"Gatekeepers: The Effect of Climate Change on Organized Criminal Group Behavior"
Lucía Tiscornia, University of Notre Dame
Patrick Regan, Kroc Institute for International Peace Studies
Climate-generated stress has been linked to multiple socio-political outcomes, many of which are violent. Scarcity is at the core of these arguments. We argue that climate stress creates conditions for organized criminal groups to capture markets of scarce resources. Price shocks resulting from climate change-driven scarcity create incentives for criminal groups to move into a new market, to capture the production and distribution of a given commodity. We trace the process that connects climate induced scarcity to price shocks that create opportunities for criminal capture of the market for a legally traded commodity. In doing so, we build a theory of climate-driven criminal capture by focusing on the sub-national analysis of the abalone shellfish market in two South African provinces.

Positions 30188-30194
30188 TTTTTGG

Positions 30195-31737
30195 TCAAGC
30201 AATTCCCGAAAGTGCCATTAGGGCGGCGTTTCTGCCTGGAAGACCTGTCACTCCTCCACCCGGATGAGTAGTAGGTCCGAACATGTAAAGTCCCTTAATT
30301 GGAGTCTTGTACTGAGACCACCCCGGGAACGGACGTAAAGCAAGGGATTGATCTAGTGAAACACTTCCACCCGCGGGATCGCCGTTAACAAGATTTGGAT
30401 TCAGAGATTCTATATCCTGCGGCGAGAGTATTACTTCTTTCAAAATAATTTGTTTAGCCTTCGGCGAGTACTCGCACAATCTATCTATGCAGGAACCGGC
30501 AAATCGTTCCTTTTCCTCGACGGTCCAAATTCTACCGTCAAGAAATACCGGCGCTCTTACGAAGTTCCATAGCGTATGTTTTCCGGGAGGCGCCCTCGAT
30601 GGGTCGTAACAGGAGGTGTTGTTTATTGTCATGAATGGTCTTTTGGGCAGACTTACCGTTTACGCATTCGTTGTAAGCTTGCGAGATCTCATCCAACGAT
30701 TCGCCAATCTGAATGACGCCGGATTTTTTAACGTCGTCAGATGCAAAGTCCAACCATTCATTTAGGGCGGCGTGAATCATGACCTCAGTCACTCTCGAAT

Open to Ph.D. students, fellows, and faculty who are interested in civil war, violence, crime, peace, conflict management, and conflict resolution. The workshop is an informal gathering to discuss work-in-progress, dissertation chapters and proposals, practice conference talks, etc.
The workshop format assumes that participants come to the workshop having read the paper. A discussant will start the discussion with 5-10 minutes of comments, then the floor is open.
Lunch is provided.